- What are your strengths as a writer? What do you struggle with the most? What do you want your partner(s) to keep an eye out for?
- What was your approach when writing this essay? What were your goals? What were the main points you were trying to communicate?
- Who is your intended audience? Why do you want them to read this piece of writing? Are you trying to inform or persuade your audience?
After completion of peer review, instructors should also offer time in class, or a space online, in which students can discuss feedback with their peer review partners. Conferencing with classmates will allow students the opportunity to receive the clarification they need to move forward with revisions. Remind students that they should not be afraid to ask peer review partner(s) questions regarding their comments. If something seems unclear, they need be sure to clarify before accepting or dismissing comments. Open lines of communication will allow students to receive the feedback that best fits their writing needs.
Avoiding Universal Praise
One of the hardest parts of a successful peer review session for students is offering feedback that is both respectful and helpful. There are several different kinds of criticism, and certain kinds are more helpful than others. It’s tempting for students to want to give positive responses to writing like, “It’s good” or “I like it,” without offering any specific reasons for these observations. Yes, it’s important for students to let their classmate know that they like the essay or that it is successful in meeting the assignment requirements, but generalized statements of universal praise offer no constructive reasoning. Students should add specific examples to their responses so that their peer will know how to move forward.
Sometimes, when reviewing a classmate’s writing, it can be easy for students to get caught up on grammar or spelling issues. “Local issues,” or “Small Order Concerns,” as we call them, are important factors in creating a successful essay, but it’s important that students not waste time focusing on such errors early on. Calling attention to small errors in punctuation or grammar should only be done at the very end of the writing process, when the writer is polishing the final draft for submission.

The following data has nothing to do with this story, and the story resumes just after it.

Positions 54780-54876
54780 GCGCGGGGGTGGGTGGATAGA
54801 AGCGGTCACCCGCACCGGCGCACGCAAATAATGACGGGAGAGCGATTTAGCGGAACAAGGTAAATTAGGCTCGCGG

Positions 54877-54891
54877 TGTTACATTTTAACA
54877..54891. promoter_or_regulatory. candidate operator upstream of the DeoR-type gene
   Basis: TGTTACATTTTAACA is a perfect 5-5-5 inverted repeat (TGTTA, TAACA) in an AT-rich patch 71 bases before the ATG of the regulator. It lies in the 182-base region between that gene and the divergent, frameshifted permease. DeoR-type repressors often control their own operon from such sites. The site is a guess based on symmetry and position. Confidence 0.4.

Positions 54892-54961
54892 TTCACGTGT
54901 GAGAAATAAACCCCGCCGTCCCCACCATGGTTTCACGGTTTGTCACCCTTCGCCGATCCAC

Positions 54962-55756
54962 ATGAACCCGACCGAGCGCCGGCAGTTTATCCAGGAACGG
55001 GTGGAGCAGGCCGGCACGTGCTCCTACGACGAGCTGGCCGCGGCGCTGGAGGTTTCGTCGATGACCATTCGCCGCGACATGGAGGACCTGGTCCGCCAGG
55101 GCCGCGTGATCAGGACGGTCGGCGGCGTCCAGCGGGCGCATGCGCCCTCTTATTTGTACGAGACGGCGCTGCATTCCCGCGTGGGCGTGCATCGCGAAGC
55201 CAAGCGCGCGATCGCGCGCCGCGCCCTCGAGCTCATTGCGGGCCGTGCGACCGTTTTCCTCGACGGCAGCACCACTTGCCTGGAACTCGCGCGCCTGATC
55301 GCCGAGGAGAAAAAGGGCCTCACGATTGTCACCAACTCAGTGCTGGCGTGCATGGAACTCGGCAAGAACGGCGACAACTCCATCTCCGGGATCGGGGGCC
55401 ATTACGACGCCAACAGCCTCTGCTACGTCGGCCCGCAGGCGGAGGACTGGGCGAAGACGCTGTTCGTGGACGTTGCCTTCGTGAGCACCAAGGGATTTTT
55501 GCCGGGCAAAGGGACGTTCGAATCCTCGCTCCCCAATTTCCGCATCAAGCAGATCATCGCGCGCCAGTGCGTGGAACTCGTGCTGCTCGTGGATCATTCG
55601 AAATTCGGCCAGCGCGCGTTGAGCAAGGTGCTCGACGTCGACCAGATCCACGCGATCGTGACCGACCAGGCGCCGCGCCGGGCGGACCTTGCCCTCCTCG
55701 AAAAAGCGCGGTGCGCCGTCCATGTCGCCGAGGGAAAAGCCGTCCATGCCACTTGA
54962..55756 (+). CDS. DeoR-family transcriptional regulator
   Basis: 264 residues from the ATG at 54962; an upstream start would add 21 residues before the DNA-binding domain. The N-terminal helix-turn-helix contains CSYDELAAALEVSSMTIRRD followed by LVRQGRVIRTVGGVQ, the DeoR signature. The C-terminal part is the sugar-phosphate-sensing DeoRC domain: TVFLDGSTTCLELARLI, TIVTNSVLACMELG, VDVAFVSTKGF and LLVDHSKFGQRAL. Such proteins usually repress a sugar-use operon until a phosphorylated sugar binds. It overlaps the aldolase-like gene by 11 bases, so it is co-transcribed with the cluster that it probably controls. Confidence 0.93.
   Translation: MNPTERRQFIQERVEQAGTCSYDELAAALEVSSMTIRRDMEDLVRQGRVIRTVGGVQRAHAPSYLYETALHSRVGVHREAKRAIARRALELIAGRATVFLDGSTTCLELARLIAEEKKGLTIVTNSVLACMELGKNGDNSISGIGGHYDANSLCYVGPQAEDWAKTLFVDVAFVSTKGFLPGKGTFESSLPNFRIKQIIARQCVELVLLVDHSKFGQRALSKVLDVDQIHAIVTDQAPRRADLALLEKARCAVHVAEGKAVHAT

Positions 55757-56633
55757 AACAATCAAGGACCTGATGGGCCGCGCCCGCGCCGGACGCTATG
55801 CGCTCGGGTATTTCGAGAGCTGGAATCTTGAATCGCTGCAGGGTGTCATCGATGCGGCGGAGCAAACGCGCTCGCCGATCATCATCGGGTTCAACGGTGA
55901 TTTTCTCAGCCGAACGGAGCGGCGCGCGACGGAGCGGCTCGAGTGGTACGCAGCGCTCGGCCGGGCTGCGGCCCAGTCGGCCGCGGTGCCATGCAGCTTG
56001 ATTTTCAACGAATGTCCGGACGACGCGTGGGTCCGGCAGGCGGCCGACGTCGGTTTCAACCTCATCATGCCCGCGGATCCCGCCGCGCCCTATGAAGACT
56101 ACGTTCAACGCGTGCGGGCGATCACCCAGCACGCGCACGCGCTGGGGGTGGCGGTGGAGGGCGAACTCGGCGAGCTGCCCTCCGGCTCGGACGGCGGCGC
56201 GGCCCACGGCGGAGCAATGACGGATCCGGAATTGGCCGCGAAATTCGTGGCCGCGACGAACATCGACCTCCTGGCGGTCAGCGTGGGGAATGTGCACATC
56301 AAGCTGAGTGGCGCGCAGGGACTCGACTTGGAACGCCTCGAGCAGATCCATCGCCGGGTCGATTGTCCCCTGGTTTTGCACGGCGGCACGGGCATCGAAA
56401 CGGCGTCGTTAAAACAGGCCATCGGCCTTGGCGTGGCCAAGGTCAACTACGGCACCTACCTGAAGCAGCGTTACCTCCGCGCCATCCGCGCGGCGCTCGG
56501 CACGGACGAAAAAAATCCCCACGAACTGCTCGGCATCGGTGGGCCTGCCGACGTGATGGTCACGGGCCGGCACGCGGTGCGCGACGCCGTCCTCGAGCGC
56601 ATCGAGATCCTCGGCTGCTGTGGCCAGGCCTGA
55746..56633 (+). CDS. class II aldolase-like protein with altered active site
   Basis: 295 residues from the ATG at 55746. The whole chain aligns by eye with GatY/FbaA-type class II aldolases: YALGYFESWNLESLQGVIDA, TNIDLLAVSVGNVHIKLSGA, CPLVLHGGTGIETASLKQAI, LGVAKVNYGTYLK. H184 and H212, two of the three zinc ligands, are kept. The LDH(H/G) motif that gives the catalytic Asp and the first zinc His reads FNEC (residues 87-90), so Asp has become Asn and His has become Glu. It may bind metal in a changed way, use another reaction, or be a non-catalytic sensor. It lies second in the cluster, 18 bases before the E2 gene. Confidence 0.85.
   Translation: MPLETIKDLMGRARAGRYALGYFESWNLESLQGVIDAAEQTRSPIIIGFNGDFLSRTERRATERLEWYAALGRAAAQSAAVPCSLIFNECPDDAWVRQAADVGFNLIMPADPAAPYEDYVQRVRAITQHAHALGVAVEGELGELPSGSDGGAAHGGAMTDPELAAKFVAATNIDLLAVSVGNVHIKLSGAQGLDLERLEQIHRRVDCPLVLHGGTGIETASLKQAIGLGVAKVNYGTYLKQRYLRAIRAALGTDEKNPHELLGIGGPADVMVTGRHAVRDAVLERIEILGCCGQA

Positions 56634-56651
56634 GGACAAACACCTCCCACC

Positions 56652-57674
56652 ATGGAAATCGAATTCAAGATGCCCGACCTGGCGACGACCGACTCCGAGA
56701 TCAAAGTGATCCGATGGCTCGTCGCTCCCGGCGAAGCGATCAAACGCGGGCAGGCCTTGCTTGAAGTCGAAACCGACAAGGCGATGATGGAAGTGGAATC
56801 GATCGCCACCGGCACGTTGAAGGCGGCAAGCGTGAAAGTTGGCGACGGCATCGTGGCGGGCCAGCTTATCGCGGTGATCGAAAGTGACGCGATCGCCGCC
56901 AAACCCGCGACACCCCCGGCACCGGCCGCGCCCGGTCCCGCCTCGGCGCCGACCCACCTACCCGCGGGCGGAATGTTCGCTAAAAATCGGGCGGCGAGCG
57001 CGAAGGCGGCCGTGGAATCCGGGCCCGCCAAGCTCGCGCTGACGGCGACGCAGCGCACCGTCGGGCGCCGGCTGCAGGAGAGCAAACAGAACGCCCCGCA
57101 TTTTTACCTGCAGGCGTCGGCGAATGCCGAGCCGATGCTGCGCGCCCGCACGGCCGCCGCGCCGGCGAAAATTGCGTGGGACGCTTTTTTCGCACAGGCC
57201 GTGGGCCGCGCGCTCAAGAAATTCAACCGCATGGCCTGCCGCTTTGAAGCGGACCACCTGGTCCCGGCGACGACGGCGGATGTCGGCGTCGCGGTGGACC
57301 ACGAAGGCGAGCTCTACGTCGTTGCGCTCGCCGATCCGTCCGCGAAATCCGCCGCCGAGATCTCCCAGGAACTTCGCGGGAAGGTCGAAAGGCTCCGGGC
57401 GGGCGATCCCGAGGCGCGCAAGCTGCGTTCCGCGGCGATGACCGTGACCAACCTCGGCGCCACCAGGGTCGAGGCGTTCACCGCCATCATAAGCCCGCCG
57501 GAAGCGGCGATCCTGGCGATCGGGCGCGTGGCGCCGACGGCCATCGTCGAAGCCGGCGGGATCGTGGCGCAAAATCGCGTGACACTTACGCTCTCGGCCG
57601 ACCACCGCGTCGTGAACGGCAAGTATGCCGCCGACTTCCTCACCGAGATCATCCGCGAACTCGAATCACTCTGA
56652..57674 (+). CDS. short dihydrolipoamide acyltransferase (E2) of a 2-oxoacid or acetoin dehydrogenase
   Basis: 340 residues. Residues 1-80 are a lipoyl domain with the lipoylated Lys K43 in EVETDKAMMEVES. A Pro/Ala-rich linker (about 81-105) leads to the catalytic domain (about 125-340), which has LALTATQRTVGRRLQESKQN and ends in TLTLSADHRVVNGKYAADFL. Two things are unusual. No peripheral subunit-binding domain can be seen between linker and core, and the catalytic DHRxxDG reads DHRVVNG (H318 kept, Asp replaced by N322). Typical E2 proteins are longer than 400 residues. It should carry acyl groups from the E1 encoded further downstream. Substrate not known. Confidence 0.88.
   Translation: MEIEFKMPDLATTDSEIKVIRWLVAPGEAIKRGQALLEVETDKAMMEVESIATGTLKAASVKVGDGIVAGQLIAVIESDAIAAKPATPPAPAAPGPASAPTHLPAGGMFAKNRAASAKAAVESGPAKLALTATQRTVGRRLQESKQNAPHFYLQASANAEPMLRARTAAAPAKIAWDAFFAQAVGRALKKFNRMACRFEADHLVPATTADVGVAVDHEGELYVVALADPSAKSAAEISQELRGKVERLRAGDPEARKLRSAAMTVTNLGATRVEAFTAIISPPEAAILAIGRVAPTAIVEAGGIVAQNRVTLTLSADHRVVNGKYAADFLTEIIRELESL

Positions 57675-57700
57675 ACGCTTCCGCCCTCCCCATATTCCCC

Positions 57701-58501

There are several global issues that can interfere with effective communication. One of the biggest culprits is essay structure/organization. Another important global issue students should watch out for is the writer’s tone and voice. In addition to encouraging students to review for larger-order concerns and offer text-based responses, students should be also required to answer questions relating to the assignment guidelines.
Working successfully with peers to review their writing will help students to improve in the areas of effective communication, collaboration, and critical reading. Use peer review sessions to your advantage; any opportunity students have to review and modify their work will create a more polished piece for your final review and grading process.
Questions for Student Reflection
- Identify some of your strengths and weaknesses as a writer. How can you use both the positives and negatives to offer constructive peer response?
- What was your perception of peer review before reading this chapter? How do you feel you can use this information to benefit you in your first-year writing classes?
- Discuss the difference between “global” and “local” issues, and how to provide feedback in both areas. What are some global issues you should be on the lookout for during the peer review for your next paper?
- Look at comments your instructor has made on previous assignments. How can they be modeled or used in peer review sessions? Which comments are the most beneficial to you as a writer? Why were those comments beneficial to you?